Dictionary.com

broadcloth

[ brawd-klawth, -kloth ]
/ ˈbrɔdˌklɔθ, -ˌklɒθ /
Save This Word!

noun Textiles.
a closely woven dress-goods fabric of cotton, rayon, silk, or a mixture of these fibers, having a soft, mercerized finish and resembling poplin.
a woolen or worsted fabric constructed in a plain or twill weave, having a compact texture and lustrous finish.
any fabric woven on a wide loom.
QUIZ
ARE YOU A TRUE BLUE CHAMPION OF THESE "BLUE" SYNONYMS?
We could talk until we're blue in the face about this quiz on words for the color "blue," but we think you should take the quiz and find out if you're a whiz at these colorful terms.
Question 1 of 8
Which of the following words describes “sky blue”?
Meet Grammar CoachWrite or paste your essay, email, or story into Grammar Coach and get grammar helpImprove Your Writing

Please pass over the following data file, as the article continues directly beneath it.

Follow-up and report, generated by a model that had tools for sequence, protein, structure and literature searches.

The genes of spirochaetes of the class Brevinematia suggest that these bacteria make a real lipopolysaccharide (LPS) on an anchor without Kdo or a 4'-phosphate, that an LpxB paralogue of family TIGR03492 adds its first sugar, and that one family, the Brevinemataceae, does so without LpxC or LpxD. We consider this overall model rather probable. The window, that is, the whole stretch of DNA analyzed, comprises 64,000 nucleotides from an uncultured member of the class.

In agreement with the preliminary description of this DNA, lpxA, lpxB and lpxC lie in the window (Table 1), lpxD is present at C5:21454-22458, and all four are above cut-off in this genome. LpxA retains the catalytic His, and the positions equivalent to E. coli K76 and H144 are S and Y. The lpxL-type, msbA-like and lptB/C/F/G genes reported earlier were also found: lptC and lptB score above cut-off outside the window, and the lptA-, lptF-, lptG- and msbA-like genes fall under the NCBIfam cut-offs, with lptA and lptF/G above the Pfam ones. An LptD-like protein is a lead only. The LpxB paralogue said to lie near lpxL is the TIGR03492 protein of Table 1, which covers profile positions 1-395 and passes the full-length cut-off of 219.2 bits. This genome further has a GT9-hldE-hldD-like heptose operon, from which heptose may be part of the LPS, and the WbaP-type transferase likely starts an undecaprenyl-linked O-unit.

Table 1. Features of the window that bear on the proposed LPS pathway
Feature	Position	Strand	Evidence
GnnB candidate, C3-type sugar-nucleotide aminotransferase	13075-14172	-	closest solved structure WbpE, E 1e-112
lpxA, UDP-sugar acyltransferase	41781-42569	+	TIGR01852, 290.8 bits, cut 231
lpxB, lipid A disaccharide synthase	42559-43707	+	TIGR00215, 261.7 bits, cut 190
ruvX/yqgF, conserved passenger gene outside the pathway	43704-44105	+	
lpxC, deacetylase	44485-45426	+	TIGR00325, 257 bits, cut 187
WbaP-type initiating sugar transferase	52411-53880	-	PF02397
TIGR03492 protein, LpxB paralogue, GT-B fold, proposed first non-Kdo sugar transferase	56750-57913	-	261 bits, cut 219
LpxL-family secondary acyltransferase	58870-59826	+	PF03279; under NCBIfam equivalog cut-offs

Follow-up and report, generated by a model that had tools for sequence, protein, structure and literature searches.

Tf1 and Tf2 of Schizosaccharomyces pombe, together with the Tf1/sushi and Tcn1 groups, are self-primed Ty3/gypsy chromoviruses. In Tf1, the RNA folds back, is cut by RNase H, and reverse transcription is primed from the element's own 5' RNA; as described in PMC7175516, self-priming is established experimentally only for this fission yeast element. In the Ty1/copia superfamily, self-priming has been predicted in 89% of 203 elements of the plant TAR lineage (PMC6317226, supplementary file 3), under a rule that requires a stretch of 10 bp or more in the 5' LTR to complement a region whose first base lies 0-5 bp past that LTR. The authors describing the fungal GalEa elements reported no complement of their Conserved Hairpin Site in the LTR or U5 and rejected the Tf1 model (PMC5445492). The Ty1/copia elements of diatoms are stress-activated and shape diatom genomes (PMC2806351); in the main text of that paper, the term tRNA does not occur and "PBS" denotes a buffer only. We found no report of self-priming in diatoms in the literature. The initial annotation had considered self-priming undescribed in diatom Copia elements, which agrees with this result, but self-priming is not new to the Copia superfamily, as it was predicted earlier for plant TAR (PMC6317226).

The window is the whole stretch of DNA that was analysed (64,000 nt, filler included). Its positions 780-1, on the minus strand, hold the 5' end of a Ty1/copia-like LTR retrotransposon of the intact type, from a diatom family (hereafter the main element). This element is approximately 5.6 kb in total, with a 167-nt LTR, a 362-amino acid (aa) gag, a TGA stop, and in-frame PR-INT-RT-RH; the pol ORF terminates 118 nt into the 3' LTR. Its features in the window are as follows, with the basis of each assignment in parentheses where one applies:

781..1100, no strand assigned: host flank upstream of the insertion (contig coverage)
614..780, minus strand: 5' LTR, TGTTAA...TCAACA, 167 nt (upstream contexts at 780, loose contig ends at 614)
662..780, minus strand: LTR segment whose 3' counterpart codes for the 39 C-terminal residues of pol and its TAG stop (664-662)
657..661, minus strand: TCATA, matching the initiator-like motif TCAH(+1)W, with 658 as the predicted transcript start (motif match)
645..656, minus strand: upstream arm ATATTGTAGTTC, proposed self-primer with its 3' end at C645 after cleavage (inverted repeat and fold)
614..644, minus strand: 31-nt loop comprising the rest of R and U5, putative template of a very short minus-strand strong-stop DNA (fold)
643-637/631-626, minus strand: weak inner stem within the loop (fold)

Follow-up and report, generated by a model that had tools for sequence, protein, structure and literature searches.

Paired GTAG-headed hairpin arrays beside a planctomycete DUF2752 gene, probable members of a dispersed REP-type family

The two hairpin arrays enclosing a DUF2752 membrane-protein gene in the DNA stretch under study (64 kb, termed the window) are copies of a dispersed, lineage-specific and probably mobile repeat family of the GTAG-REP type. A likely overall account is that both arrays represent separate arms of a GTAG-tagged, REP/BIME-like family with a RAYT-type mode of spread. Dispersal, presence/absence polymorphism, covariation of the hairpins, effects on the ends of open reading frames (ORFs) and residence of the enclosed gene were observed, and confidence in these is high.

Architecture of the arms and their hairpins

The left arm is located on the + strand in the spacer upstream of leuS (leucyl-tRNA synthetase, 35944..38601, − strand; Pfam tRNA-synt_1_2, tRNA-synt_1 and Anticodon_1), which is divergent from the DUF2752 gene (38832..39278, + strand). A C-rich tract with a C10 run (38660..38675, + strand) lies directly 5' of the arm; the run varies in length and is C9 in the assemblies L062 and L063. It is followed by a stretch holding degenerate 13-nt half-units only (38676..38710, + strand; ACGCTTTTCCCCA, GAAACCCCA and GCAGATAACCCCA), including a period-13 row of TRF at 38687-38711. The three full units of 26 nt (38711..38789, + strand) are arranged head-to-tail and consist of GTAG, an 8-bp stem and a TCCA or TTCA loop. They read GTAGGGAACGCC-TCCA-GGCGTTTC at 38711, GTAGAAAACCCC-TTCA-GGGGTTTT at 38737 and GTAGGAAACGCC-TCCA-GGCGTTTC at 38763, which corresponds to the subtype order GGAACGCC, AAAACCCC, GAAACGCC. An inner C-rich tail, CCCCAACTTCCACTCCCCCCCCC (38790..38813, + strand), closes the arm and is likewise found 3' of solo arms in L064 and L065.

Meet Grammar CoachImprove Your Writing
Write or paste your essay, email, or story into Grammar Coach and get grammar help

Origin of broadcloth

First recorded in 1400–50, broadcloth is from late Middle English brode clothe. See broad, cloth
Dictionary.com Unabridged Based on the Random House Unabridged Dictionary, © Random House, Inc. 2021

How to use broadcloth in a sentence

British Dictionary definitions for broadcloth

broadcloth
/ (ˈbrɔːdˌklɒθ) /

noun
fabric woven on a wide loom
a closely woven fabric of wool, worsted, cotton, or rayon with lustrous finish, used for clothing
Collins English Dictionary - Complete & Unabridged 2012 Digital Edition © William Collins Sons & Co. Ltd. 1979, 1986 © HarperCollins Publishers 1998, 2000, 2003, 2005, 2006, 2007, 2009, 2012
FEEDBACK